Hale and Elizabeth McGrath, DOD's deputy chief management officer, outlined their goals and some of their successes so far before the Federal Financial Management, Government Information, Federal Services and International Security Subcommittee.

They also testified about the importance of new IT systems to help bring financial management up to date.

-Amber Corrin, FCW.com

Thursday, September 15, 2011

Cabinet Accountability for Cutting Waste

When he launched the Campaign to Cut Waste in June, President Obama asked the Vice President to take on a new role holding the Cabinet accountable for cutting waste in their agencies to help make government more efficient and responsive to the American people. As a part of that effort, the Vice President today convened the first Cabinet waste reduction meeting and announced over $2 billion in anti-waste measures.

Joined by agency leaders from across the government, the Vice President announced a new initiative to fight waste in health care, unveiled efforts to track state progress in reducing improper Unemployment Insurance payments, and directed Cabinet Secretaries to undertake waste and efficiency reviews that will target unnecessary, wasteful, and inefficient federal spending.

-Jack Lew, OMB

DoD failed to report misspent funds, lawmakers claim

The Defense Department has failed to properly notify Congress of hundreds of millions of dollars in misspent funds, several lawmakers wrote Tuesday in a letter to the Pentagon's chief financial officer and comptroller.

The letter to undersecretary of Defense Robert Hale, written by Sen. Tom Carper (D-Del.) and co-signed by 12 other senators and representatives cites violations of the Antideficiency Act totaling $817 million. The violations were identified by DoD but were never reported to Congress, the lawmakers wrote, citing reports by the DoD Inspector General and the Government Accountability Office.

The violations were related to budgets in 2005 and 2008, according to a statement from Carper's office.

The Antideficiency Act prohibits agencies from spending or obligating more money than Congress has authorized from a particular fund or for a particular purpose. In the event an agency determines it has violated the act, it is required to report "immediately to the President and Congress all relevant facts and a statement of actions taken."

The act carries both administrative and criminal penalties; knowing and willful violations can bring up to five years in prison.

-Jared Serbu, FederalNewsRadio.com

No big budget deal before 2012 election, says former comptroller general

Addressing the nation's budget crisis requires a "grand bargain" -- even double the $1.5 trillion Congress aims to save by Thanksgiving -- and such a deal is politically unlikely until after the 2012 elections, former Comptroller General David Walker said on Wednesday.

-Charles S. Clark, FederalNewsRadio.com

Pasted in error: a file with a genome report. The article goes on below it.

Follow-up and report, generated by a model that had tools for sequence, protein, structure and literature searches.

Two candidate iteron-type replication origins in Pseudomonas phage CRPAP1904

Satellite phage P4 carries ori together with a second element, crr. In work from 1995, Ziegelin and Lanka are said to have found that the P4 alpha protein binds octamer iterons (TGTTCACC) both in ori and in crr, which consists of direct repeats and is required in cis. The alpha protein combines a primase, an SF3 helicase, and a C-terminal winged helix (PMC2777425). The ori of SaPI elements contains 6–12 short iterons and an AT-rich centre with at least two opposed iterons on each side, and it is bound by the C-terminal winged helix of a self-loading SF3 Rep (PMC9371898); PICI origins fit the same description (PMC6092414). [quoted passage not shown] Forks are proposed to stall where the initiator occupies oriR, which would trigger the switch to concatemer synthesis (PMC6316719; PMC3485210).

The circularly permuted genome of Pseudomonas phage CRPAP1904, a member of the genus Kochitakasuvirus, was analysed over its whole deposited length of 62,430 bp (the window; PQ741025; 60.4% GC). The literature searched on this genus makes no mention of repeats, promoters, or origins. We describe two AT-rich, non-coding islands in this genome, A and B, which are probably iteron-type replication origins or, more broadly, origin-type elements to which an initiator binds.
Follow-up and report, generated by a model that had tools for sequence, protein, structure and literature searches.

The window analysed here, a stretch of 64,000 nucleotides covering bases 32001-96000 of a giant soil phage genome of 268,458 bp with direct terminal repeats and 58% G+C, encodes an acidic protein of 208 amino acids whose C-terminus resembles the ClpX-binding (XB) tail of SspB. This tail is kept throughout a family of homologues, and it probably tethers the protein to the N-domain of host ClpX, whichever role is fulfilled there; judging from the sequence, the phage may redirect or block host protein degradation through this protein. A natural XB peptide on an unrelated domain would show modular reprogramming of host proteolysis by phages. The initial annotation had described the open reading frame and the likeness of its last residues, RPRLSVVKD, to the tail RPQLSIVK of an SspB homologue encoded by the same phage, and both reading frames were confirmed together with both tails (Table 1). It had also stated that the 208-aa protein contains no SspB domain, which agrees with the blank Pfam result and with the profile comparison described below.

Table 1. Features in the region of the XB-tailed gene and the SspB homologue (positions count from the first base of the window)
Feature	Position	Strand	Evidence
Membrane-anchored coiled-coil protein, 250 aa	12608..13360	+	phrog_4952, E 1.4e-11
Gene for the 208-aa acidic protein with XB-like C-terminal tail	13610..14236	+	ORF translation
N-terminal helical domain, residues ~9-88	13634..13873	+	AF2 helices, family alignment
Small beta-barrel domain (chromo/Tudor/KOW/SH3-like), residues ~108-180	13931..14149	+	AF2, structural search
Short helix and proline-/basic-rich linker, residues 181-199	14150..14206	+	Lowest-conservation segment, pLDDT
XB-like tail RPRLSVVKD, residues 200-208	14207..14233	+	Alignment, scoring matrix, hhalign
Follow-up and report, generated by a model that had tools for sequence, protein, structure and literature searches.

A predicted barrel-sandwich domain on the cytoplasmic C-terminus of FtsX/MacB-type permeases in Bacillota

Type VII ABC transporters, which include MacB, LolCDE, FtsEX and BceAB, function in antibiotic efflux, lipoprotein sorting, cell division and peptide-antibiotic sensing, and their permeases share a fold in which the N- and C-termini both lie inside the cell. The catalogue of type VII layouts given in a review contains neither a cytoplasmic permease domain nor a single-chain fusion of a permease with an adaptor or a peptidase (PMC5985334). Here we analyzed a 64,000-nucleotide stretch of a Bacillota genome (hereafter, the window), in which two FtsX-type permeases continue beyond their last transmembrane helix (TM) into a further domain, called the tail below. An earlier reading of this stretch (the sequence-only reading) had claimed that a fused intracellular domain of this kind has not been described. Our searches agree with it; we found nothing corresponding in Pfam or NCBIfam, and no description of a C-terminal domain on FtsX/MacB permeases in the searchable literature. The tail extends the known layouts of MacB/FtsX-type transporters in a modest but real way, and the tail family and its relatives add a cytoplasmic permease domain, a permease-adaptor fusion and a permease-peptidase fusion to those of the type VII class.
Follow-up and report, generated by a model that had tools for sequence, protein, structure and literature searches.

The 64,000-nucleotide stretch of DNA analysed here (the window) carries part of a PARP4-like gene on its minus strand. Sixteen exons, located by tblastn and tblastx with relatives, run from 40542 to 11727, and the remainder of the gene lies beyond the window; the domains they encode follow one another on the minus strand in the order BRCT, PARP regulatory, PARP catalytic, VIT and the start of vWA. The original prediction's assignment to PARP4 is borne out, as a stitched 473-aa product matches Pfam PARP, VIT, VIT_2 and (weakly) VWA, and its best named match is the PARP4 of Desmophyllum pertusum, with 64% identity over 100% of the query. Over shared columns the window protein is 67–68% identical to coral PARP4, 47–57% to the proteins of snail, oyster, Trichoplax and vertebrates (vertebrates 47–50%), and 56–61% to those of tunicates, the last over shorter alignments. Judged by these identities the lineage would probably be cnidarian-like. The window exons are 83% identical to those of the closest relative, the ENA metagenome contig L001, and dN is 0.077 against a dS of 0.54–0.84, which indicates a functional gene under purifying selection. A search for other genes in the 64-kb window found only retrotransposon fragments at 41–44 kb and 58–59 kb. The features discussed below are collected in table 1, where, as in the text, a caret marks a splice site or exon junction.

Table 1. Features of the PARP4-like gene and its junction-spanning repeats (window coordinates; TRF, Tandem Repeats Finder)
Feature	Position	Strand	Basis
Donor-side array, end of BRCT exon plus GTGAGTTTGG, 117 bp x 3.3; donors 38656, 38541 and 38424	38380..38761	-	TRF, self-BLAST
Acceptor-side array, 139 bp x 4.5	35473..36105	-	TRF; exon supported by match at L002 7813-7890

Wednesday, September 14, 2011

Cracks in security leave DHS financial systems vulnerable to abuse

Security weaknesses in the computers that track money for the Homeland Security Department could lead to a substantial mistake in the agency's financial statements, according to a federal audit.

KPMG analysts hired by the DHS inspector general to assess the department's various financial systems for the fiscal year ending Sept. 30, 2010, found about 160 deficiencies, or inadequate controls, most of which -- 65 percent -- were repeats of the previous year's problems. The IG office released a redacted version of the April 26 report on Monday.

Among the information technology inadequacies highlighted: ex-employees were still able to logon to their accounts and unauthorized outsiders successfully acquired user passwords from DHS personnel.

-Alicia Sternstein, NextGov.com

Friday, September 09, 2011

Air Force at risk of missing financial audit deadline

The Air Force may not meet the 2017 deadline to have a clean financial audit.

Air Force comptroller Jamie Morin told House lawmakers Thursday the state of information technologies plays into service readiness.

Morin said the Air Force has made "real progress," but "the 2017 deadline will be challenging for the Air Force. We do see moderate risk but with a high level of leadership commitment we feel we are on track to make the deadline. IT systems modernization is an inescapable part of the Air Force effort."

Congress put the Defense Department on notice in the National Defense Authorization Act for fiscal year 2010 when it required the Pentagon to validate its financial statements as ready for audit not later than Sept. 30, 2017.

Other Defense services told the House Armed Services Committee's Panel on Defense Financial Management and Auditability Reform they are on track to meet the deadline, or already have a clean audit opinion.

The Army Corps of Engineers, for instance, already has earned clean audit opinion by independent examiners. The Marine Corps is currently undergoing an audit of its statement of budgetary resources.

Offices from the departments of the Army and Navy expressed confidence that they will meet the 2017 deadline.

-Peter Buxbaum, FederalNewsRadio.com

Tuesday, September 06, 2011

Agencies Fall Short on Financial Management, House Panel Says

U.S. government agencies aren’t doing enough to share spending information with the public and still rely on manual processes to manage financial data, according to a House committee.

Federal agencies use “a tangled web” of systems to handle accounting of contracts, grants and other financial information, according to a report today from the House Oversight and Government Reform Committee summarizing the results of a survey of 26 agencies.

“Our analysis shows these systems are not serving taxpayers well,” Representative Darrell Issa, a California Republican and chairman of the panel, said in a news release.

Lawmakers on the panel had asked 26 agencies in March about their financial management practices, including accounting and grants management, and contracts management systems. The agencies also were asked to report on the interaction of their financial systems and the extent of their public reporting of financial data, according to the statement.

Issa introduced the Digital Accountability and Transparency Act of 2011 in June to encourage a governmentwide examination of federal spending by making such information publicly available, according to the release.

-Juliann Francis, Bloomberg.com